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Paul Bryson is Head of Operations at Ribbonfish. He is experienced at building and leading strong teams to effectively deliver change and business growth.

When you hire an apprentice, you are doing your bit to support young people in the UK. This is one of the many reasons we decided to sign-up to the QA Apprentices and Learning Curve scheme. With each recruit we have been able to significantly contribute to the career of a young person at the start of their IT career. And it’s not only the apprentice themselves that benefit – we have seen our existing team flourish with the challenge of managing new people and developing their own leadership and coaching skills as a result.

As well as helping to combat youth unemployment, by hiring apprentices we have been able to develop a skilled workforce from scratch. Taking on fresh talent allows innovative technology companies, like ours, to craft the way that the team works. At Ribbonfish we all have similar values. We all place customer service at the heart of our business, and by hiring professionals at the start of their careers we have been able to ensure that they subscribe to the company ethos.

From a cost perspective, IT professionals can be expensive. By training up apprentices to work alongside our experienced team we have been able to balance the overall team cost.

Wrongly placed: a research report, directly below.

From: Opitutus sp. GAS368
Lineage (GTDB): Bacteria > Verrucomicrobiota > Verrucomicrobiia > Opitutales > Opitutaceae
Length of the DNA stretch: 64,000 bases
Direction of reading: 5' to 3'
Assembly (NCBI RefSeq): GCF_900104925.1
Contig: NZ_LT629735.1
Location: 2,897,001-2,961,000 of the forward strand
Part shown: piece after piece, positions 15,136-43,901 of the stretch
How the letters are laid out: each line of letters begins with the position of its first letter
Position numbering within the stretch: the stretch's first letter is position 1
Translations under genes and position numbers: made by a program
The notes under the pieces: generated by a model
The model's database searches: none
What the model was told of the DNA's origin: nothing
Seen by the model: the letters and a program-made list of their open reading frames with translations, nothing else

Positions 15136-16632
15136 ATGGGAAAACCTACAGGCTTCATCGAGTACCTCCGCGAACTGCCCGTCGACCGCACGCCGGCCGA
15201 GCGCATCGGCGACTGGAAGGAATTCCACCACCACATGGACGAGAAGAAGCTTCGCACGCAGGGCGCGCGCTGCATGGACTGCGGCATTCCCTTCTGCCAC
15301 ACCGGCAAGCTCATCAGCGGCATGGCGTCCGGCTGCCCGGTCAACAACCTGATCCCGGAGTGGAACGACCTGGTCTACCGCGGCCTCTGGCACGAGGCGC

So now that we have convinced you that hiring apprentices is the way forward for your technology team or business, here are some of the lessons we have learned along the way.

1) How to select your apprentices

Here at Ribbonfish, our candidates were selected via different methods. Our apprentices Rosie and Stream were selected via a Dragons Den approach – we were invited to the apprenticeship centre and they each had to present independently, followed by 10 minute speed interviews.

Our third candidate Chris was selected via a more formal approach with a Competency Based Interview (CBI).

From an efficiency perspective, the Dragons Den approach was the better approach. We were able to see 25 candidates over the course of the afternoon and see each individual both presenting and interacting in a group environment. Team-work is so important at Ribbonfish, so this was key to helping us make a decision.

If you use the CBI approach it allows you to discover potential which might not be seen otherwise. Since you are hiring an apprentice based on their aptitude; rather than existing competency – this is also a useful method. The use of both methods gave us a really good balance of personalities; which again, is ideal for forming a team.

2) How to work with and mentor apprentices

As the Head of Operations here at Ribbonfish, I took on the role of their line manager. However, at this stage of their career, apprentices need more support and guidance than normal staff. So, in addition to myself, each apprentice was paired up with a suitably skilled mentor employee and they also had regular contact with their training co-ordinator who was responsible for overall achievements and NVQ qualifications.

The main benefit for the apprentice is that they are learning on the job, getting paid and gaining a qualification. Even the most motivated of apprentices at this stage in life needs a strong support system to ensure that all these areas are covered.